Regular readers of this blog are no doubt aware that I have a dim view of smoking. So it is with great joy that I can report that the Australian High Court have just dealt Big Tobacco a huge blow by confirming the legality of the Australian government’s initiative to require cigarette companies to use plain packaging for their products.
As I mentioned in my earlier post about smoking in Japan, JT International initiated a legal challenge against the Commonwealth of Australia on 14 December 2011 “[i]n order to protect its ability to use its brands and key trade marks on the packaging of tobacco products sold in Australia”. According to the Sydney Morning Herald article:
“During the hearings in April the companies – British American Tobacco, Philip Morris, Imperial Tobacco, Van Nelle Tabak Nederland and JT International SA – argued the measure breached the constitutional requirement that the acquisition of property by the government be on just terms.
But to make that case, the companies had to show that the government gained a measurable benefit as a consequence, which is apart from the claimed benefits to population health.”
It would seem that they were unsuccessful in making that point. The text of the decision of the High Court has yet to be released, but it will likely be influential on other jurisdictions (namely the UK) hoping to implement the same packaging requirements.
It would seem that the webpage on the JT domain re: the Australian challenge has been taken down
On the plus side, they’ve replace it with a webpage now attacking the UK initiative. Curiously, the webpage says:
“The campaign, a first for JTI, questions the consultation process and targets both government and decision makers.”
Not sure why this is a “first” for JTI… they obviously don’t think anyone notices… I do
The Nikkei has a report noting that the story will likely not end with the Australian High Court. The article suggests that Philip Morris will take the matter to a “United Nations tribunal” claiming that “the law breaches a 1993 trade deal between Australia and Hong Kong that safeguards each country’s respective offshore investments”.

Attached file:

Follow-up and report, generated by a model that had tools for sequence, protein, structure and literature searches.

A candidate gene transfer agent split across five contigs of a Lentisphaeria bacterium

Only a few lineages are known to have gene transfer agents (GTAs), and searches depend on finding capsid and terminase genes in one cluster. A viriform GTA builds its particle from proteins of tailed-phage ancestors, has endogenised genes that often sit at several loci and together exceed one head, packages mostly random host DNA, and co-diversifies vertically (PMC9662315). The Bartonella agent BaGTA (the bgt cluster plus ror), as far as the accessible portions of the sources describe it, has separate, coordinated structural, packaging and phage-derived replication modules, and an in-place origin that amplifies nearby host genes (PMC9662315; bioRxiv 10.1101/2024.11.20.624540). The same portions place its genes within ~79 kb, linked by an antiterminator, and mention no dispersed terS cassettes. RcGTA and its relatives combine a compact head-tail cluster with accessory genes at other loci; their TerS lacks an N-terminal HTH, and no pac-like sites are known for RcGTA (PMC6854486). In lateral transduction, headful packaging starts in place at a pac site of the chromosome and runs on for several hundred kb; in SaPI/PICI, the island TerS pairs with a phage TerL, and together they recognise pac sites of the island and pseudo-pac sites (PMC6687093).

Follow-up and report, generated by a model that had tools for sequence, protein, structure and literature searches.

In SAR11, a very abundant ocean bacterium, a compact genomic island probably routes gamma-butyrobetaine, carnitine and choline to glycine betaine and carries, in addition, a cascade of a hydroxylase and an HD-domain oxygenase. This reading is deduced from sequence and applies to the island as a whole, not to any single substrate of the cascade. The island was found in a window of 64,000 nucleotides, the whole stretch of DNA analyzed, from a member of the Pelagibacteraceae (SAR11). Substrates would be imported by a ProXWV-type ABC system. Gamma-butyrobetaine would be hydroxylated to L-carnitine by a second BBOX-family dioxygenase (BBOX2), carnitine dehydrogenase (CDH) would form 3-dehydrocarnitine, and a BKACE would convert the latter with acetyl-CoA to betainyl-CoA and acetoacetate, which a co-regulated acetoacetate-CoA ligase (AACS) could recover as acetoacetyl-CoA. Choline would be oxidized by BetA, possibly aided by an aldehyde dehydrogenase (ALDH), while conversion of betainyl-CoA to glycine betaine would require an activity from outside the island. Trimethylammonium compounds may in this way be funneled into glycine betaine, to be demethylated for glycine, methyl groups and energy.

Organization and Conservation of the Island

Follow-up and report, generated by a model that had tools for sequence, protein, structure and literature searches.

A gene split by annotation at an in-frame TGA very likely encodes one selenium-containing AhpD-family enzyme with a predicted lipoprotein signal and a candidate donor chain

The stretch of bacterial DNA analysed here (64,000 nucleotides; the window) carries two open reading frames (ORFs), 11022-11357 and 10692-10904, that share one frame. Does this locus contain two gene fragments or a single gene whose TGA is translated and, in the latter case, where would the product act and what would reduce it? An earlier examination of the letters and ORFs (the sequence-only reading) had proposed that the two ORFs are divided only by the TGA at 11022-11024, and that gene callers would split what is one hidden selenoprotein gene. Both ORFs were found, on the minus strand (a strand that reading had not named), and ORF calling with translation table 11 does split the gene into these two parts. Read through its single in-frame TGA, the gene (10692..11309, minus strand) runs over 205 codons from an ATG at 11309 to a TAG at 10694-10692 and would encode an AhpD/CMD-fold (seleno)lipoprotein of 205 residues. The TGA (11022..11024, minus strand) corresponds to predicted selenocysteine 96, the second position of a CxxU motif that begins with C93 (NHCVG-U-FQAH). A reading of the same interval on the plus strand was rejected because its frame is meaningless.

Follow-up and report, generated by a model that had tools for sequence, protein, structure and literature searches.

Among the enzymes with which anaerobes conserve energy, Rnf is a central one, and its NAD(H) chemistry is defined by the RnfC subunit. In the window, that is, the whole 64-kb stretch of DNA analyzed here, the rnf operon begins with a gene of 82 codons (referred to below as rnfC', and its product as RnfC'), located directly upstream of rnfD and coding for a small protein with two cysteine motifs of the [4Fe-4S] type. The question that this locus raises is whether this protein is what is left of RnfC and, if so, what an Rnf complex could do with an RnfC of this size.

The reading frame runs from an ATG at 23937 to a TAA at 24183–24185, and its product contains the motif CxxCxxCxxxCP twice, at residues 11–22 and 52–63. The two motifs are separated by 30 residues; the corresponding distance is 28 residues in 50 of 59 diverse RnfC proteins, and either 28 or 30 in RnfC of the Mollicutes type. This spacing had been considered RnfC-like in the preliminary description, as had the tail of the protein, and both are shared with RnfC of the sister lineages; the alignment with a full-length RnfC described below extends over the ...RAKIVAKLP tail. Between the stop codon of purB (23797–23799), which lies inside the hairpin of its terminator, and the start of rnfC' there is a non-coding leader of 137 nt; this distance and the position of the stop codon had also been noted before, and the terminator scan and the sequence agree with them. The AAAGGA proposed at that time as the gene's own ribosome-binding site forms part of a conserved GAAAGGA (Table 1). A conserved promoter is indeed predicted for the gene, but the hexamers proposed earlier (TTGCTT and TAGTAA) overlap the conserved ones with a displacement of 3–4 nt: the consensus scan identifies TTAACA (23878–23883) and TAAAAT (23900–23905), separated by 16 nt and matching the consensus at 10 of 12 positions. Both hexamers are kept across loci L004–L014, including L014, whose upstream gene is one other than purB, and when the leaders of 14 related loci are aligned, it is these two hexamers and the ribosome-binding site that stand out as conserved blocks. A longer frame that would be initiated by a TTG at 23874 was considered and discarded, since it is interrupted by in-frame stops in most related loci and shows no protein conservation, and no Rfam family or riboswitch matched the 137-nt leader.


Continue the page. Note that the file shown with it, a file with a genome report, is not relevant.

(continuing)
The details of this action can be gleaned from its press statement of last year, where it outlines its argument as follows:
The Australia – Hong Kong Bilateral Investment Treaty (BIT)
The Treaty was entered into by the Governments of Hong Kong and Australia in 1993 and seeks to create favorable conditions for greater investment and promote economic cooperation, by providing reciprocal protection for investments made in one country by investors from the other.
Australia is in breach of the BIT because plain packaging:
• Amounts to unlawful expropriation of PMA’s investments and valuable intellectual property without compensation (Article 6(1))
• Fails to provide fair and equitable treatment to PMA’s investments in Australia (Article 2(2))
• Unreasonably impairs PMA’s investments in Australia (Article 2(2))
• Fails to provide full protection and security for PMA’s investments in Australia (Article 2(2))
• Breaches Australia’s international obligations in relation to PMA’s investments (Article 2(2)) by violating The Agreement on Trade-related Aspects of Intellectual Property Rights (TRIPS), the Paris Convention for the Protection of Industrial Property and the WTO Agreement on Technical Barriers to Trade (TBT)
Steps to date
On June 27, PMA first notified the Government that it would take legal action under Australia’s Bilateral Investment Treaty with Hong Kong if Australia proceeded to pass plain packaging legislation. In accordance with the terms of the BIT, the notice triggered a three month mandatory negotiation period between PMA and the Australian Government. With the passage of the legislation, it is clear that PMA was unable to resolve the dispute with the Government during this time. The notice served on the Australian Government today begins the formal legal proceedings under the Arbitration Rules of the United Nations Commission on International Trade Law 2010. PMA is proposing Singapore as the seat of arbitration and that the appointing authority be the Secretary-General of the Permanent Court of Arbitration at The Hague.
WATCH THIS SPACE!